In the troubled Philippine islands, evangelical Christians are hoping for the best—and preparing for the worst. One year after a bloodless revolution swept Corazon Aquino into the presidency, political instability has intensified.

The churches affected most are congregations in the remote regions where the communist New People’s Army is most active. Last year, 53 Christian and Missionary Alliance churches were forced to close their doors when entire villages relocated to safer regions.

Despite the upheaval, major evangelical denominations continue to add new churches at an annual rate of 12 to 20 percent. “The socio-political problems and dangers seem to contribute to church growth,” said Ben de Jesus, president of the Christian and Missionary Alliance Churches of the Philippines. “More people are looking for something to hang on to.”

A Communist Challenge

Church leaders cite communism as a threat that endangers their country’s future. The prospect of a strong communist movement is both frightening and motivating for Filipino Christians.

“We have the opportunity to evangelize now, so we must redouble our efforts,” said de Jesus. “We don’t know how long we will have.”

This sense of urgency has brought about greater unity across denominational lines. “Christian people of all persuasions are beginning to come together to talk,” said Oscar Baldemor, general director of the Conservative Baptist Association of the Philippines. “Formerly they might have emphasized their differences, but now they have a common enemy.”

An example of Christian unity can be found in Davao, the major city in the southern island of Mindanao. With the city surrounded by guerrilla groups, Davao’s three major evangelical associations have joined forces in an aggressive evangelism program.

“In the last few months, there has been an upsurge of interest in evangelism,” said Manuel Ojoylan, chairman of the Davao City Ministerial Fellowship. “Christians are more bold in witnessing, so that now many Bible studies are under way, as well as nightly fellowships.”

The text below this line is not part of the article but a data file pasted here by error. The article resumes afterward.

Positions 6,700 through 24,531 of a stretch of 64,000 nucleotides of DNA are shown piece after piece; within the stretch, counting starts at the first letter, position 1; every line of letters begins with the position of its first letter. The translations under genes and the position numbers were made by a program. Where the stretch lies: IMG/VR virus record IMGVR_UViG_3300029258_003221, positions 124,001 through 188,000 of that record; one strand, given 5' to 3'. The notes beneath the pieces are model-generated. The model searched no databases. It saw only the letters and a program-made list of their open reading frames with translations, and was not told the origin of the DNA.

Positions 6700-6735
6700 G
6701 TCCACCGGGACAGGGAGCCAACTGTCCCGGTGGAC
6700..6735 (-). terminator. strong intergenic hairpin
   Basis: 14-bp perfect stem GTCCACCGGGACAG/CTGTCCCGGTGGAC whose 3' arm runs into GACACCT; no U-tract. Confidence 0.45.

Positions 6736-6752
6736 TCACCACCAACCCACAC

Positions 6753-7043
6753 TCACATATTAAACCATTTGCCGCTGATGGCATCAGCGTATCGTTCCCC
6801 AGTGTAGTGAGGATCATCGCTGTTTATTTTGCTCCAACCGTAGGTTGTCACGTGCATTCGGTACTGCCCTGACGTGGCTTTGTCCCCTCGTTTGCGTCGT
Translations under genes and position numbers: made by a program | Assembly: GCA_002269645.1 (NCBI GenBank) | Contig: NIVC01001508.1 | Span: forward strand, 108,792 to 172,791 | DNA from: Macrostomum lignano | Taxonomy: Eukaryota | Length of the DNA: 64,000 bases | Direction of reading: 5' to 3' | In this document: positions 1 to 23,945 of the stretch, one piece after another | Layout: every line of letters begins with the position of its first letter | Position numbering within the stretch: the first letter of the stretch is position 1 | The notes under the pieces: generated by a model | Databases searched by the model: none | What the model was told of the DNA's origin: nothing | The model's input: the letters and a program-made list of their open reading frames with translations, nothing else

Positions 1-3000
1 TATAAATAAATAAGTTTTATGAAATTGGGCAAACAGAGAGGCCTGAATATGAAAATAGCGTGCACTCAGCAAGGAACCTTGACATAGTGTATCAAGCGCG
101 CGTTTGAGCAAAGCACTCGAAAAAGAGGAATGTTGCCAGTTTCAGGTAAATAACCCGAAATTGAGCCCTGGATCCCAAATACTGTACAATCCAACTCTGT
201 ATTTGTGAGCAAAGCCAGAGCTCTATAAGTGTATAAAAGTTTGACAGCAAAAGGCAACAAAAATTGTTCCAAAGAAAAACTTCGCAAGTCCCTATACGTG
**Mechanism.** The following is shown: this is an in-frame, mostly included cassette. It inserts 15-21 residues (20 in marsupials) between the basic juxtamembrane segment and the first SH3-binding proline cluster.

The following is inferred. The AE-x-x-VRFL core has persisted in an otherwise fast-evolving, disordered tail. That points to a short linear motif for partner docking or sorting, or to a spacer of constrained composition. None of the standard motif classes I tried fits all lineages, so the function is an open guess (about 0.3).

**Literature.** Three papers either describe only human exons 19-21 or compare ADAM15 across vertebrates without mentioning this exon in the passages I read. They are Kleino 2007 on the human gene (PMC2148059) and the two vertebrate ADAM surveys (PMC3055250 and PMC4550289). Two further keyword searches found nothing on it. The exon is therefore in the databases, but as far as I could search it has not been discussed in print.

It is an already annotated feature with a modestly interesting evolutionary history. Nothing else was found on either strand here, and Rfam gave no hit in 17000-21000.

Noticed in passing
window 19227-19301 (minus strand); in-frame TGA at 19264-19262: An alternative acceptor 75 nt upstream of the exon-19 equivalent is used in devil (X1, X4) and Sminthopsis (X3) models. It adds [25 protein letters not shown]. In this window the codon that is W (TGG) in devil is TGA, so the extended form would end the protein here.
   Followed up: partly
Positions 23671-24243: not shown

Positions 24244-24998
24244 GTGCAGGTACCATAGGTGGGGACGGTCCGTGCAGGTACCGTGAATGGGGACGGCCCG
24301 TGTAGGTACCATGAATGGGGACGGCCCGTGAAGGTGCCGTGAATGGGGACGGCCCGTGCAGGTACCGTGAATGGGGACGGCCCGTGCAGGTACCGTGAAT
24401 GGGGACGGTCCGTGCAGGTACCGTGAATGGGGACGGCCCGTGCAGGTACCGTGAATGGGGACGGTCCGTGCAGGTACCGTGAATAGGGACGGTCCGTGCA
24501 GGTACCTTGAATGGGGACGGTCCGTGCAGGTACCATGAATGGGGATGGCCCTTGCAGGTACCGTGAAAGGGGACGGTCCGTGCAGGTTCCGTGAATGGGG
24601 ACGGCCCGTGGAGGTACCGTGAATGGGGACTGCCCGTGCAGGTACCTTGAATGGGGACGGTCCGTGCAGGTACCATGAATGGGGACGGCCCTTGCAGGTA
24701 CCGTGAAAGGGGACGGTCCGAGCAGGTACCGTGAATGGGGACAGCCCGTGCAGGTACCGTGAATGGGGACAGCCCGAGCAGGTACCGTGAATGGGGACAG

A New Social Consciousness

Added to such evangelistic initiatives is a new social consciousness among Christians. Church leaders say evangelicals are more likely now than they were last year to take a strong stand for their convictions.

Evangelicals in the Philippines can be found at every point along the political spectrum. Many support the Aquino government, while others back former defense minister Juan Ponce Enrile because of his strong anti-Communist stance. Some remain Marcos loyalists, and a few take positions to the left of Aquino.

“The revolution has awakened the evangelical church to the need to be more involved and visible,” said Baldemor, of the Conservative Baptist Association. “They want to be heard on issues that affect the nation.”

“There has been growth in social awareness and political involvement,” said Isobelo Magalit, pastor of Diliman Bible Church in Quezon City. But he added: “It would be helpful if evangelicals could speak with one voice, and if that voice could be more nonpartisan.”

Magalit said the evangelical church should become a “critical collaborator,” a phrase used by Cardinal Jaime Sin to describe the relationship of the Roman Catholic Church to the Marcos government. Last year, Magalit’s church was one of the few evangelical groups that joined Catholics at the barricades in the tumultuous days preceding Marcos’s departure.

Evangelicals were concerned last year when many Catholic Filipinos credited the Virgin Mary for their success in ousting Marcos. “We say it was God who did it,” said Baldemor. “… We know if we don’t do something, we will be overtaken by the religion of the majority.”

The Catholic church, which claims 85 percent of the Philippine population, continues to exercise considerable political influence. “Catholic bishops are involved in every aspect of government,” said Baldemor, “either directly or indirectly.”

Nevertheless, evangelicals are free to worship and evangelize. “Opportunities to evangelize are wider than we ever dreamed of,” Baldemor said. “People are looking for something that will give them stability; peace in their troubled hearts. The Philippines is now more open to the gospel than we have ever seen before.”

By Sharon E. Mumper.

Have something to add about this? See something we missed? Share your feedback here.

Our digital archives are a work in progress. Let us know if corrections need to be made.